This is an opinion piece written by Jonathan Jiles. It does not represent the views of AllOnGeorgia, but only of the author.
Fall is upon us. Across the state and nation this weekend, churches and civic organizations will hold Fall Festivals, “Trunk or Treats” and other Halloween related festivities for kids. Much candy will be given out, costumes will be worn, photos will be taken and a good time will be had by all.
On Tuesday, kids will take to the streets, Trick or Treating, though in far fewer numbers than years ago.
There’s another, different phenomenon that will occur (and has already begun). Law Enforcement agencies will begin releasing pressers, and news reports will begin to report them, filled with cautionary tales of “Marijuana laced gummy bears” and “Ecstasy that looks like candy!”
Just how big of an issue is this, though? Every year we are warned about drug users nefariously putting pot candies and now Ecstasy pills into children’s Halloween candy. Has this ever happened? A Google search returns urban legends but no factual reports. CDC data on this issue is just as absent. So why do we do it every year? Who is behind this narrative and why is it so prevalent? I spoke to Tom McCain, executive Director of Peachtree NORML and retired law enforcement officer, to get his take. “In the entire time I was a law enforcement officer, I never heard a report of drug-laced Halloween candy being given to children”, McCain said. “Neither of the agencies I worked with put these type of press releases out. While I think it’s a very proper thing for parents to check their children’s Halloween loot, what I’ve found is that there’s no basis in fact to these claims. I don’t know who is pushing the narrative, but the word Prohibitionists comes to mind.”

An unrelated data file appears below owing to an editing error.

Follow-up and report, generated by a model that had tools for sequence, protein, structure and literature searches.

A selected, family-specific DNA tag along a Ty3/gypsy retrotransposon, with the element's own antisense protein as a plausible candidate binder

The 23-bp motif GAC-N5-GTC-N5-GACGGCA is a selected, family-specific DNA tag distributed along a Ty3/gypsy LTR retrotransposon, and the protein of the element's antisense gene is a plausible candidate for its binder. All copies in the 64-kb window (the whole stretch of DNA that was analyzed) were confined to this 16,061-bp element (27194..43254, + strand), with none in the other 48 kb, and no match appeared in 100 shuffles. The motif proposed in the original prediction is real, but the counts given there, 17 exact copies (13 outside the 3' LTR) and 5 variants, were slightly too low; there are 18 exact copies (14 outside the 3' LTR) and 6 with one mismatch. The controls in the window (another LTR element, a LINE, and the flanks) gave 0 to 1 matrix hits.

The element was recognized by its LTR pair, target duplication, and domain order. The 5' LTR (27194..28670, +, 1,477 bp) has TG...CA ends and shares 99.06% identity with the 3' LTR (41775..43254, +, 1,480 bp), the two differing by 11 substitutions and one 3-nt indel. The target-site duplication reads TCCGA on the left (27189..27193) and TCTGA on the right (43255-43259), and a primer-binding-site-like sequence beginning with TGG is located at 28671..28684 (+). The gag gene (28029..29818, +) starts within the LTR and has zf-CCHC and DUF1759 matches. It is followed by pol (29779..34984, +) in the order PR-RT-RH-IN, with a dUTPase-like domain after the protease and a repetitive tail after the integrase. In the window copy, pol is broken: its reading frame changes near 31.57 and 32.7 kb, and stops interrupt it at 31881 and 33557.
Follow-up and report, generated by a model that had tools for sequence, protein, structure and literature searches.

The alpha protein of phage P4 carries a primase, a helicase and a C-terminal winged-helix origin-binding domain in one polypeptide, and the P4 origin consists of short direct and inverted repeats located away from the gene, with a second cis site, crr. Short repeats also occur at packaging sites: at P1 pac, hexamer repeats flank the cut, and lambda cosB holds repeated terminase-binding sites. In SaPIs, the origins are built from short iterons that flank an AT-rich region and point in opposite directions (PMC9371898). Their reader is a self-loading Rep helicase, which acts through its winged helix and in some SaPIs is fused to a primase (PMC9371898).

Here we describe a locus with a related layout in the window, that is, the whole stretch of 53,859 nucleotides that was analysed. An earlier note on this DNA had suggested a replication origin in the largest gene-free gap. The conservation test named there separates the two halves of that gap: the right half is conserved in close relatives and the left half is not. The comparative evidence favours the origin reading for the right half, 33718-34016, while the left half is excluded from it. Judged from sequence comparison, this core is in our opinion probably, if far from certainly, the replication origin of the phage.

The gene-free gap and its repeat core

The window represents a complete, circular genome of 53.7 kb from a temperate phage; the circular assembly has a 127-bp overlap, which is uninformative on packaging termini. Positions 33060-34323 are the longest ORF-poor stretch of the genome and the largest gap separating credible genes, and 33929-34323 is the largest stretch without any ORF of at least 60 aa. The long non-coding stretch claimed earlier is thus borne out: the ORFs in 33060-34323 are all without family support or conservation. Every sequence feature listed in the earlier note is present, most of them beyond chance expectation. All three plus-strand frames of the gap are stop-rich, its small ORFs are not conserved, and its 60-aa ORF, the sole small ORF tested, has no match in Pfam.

Now, I happen to have friends in “high” places (Denver CO, to be exact) so I decided to obtain some visual evidence of what exactly this endeavor to feed children THC gummies would cost. Sometimes a picture is worth a thousand words.
$1 per gummy, and these are the lower prices, lower potency gummies. $23 for a single package of THC gummies, and that is in a legal state. Here in Georgia, those numbers are even higher, running from $5-$15 per gummy. Ecstasy pills are even more expensive. According to law enforcement sources we spoke to, Ecstasy pills can run as high as $35 per pill. While everyone wants their children to be safe, do we REALLY think that drug users are looking to just give away expensive drugs to your children? I don’t think so.
What are your thoughts?